VIO News Blog

June 12, 2009

Venezuela To Host ALBA Summit

Filed under: Daily News Roundup — VenWorld @ 2:11 pm

On Thursday President Chavez confirmed that Venezuela will be hosting an extraordinary summit of the Bolivarian Alternative for the Peoples of our America (ALBA) on June 24th at the site of the Battle of Carabobo which took place on the same day in 1821 and led to the independence of Venezuela. The summit will officialize the incorporation of Ecuador into ALBA, a group of countries that promotes regional relations based on solidarity, social development and equitable trade. The ALBA group is currently comprised of Venezuela, Cuba, Bolivia, Nicaragua, Dominica, Honduras and St. Vincent and the Grenadines.

A spokeswoman for Venezuela’s Coca Cola affiliate told the press that the Venezuelan government had communicated its concern over the possible health risks posed by an ingredient in the company’s new Coke Zero soft drink product. The company has begun a “process of demonstrating [to the government] that there are no health risks” the spokeswoman said. On Wednesday Health Minister Jesus Mantilla announced that distribution of the product would be halted while the government investigated its ingredients.

While many stories have appeared recently regarding Venezuela’s Globovision news network and its tense relations with the government, the alternative internet news site Upside Down World focuses on a new “counter cultural” Venezuelan television channel that has received scant attention in the U.S. press. The station, called Avila TV, has a young, progressive staff that “covers the underground culture of Caracas while trying to promote alternative lifestyles.” Created as a response to the April 2002 “media coup” and funded by the government, the station’s programming is aimed at a young audience and uses hip hop and other urban cultural forms to combat consumerism and promote socialist values.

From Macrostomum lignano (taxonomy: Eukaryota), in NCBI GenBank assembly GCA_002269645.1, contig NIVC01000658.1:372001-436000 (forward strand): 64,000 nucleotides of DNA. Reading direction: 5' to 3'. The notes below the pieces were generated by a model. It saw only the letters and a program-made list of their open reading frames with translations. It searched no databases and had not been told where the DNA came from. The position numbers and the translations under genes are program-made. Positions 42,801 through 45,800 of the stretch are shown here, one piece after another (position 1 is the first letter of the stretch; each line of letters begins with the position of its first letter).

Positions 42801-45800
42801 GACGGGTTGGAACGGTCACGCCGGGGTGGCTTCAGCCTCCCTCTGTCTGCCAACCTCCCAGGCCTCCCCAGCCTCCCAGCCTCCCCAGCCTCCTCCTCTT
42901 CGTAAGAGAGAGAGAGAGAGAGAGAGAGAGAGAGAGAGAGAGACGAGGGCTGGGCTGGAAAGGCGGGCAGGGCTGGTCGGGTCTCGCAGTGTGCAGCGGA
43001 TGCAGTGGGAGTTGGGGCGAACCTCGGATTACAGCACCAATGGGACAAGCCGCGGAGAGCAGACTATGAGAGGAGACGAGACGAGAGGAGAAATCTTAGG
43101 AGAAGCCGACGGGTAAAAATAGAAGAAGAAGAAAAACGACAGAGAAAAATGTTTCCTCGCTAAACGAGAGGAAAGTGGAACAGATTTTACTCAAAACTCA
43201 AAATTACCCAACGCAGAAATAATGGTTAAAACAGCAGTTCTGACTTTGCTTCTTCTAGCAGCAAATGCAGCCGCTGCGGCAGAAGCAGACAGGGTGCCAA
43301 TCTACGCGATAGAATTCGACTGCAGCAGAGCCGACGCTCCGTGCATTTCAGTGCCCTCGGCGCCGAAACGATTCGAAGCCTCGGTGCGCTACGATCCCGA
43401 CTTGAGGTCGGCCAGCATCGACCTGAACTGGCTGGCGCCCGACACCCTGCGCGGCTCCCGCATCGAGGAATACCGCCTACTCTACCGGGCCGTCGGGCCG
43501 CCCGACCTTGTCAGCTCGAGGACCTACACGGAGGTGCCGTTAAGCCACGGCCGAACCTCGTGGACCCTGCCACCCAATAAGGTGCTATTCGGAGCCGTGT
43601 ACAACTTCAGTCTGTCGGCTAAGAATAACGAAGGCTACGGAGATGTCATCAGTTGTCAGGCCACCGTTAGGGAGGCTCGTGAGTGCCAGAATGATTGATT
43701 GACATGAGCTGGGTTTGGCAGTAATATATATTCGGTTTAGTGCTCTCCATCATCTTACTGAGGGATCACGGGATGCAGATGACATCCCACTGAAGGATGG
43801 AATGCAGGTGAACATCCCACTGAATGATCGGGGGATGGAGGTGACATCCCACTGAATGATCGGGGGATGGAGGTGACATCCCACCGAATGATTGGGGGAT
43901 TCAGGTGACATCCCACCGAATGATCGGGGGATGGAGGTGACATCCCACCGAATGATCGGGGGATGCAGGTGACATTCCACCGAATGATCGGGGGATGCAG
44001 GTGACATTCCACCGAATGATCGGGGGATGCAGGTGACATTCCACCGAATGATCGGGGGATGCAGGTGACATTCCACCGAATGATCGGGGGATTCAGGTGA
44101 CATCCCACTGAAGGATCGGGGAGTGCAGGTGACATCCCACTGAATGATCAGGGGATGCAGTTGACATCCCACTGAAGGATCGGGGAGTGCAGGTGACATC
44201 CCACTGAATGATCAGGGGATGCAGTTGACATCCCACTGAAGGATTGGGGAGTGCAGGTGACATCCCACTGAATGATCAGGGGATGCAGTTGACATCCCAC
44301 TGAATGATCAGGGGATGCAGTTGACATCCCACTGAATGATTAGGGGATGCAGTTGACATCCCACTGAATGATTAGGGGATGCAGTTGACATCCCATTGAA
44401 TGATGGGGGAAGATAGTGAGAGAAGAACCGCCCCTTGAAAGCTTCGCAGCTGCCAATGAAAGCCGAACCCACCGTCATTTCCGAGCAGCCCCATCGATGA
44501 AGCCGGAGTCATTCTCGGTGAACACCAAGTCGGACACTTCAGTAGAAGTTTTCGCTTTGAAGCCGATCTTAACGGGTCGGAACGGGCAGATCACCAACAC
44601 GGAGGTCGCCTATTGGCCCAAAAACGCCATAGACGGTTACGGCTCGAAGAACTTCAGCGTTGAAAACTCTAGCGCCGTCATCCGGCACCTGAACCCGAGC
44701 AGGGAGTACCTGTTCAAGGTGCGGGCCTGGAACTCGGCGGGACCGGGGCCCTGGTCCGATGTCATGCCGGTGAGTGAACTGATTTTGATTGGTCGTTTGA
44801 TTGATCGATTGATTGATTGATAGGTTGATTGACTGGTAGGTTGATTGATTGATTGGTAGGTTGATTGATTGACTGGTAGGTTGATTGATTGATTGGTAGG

An article published by NACLA and written by Steve Ellner, a U.S. academic based in Venezuela, takes an in-depth look at how Venezuela’s community councils function. Created by law in 2006, there are approximately 20,000 councils in Venezuela today dedicated to planning and managing neighborhood development projects. According to Ellner, they “represent not only the government’s most recent success in jump-starting popular participation, but also a radical break with the past, when these activities were undertaken by city, state, or national government.” We reproduce the first section of Ellner’s analysis here and provide a link to the complete article for those who are interested.

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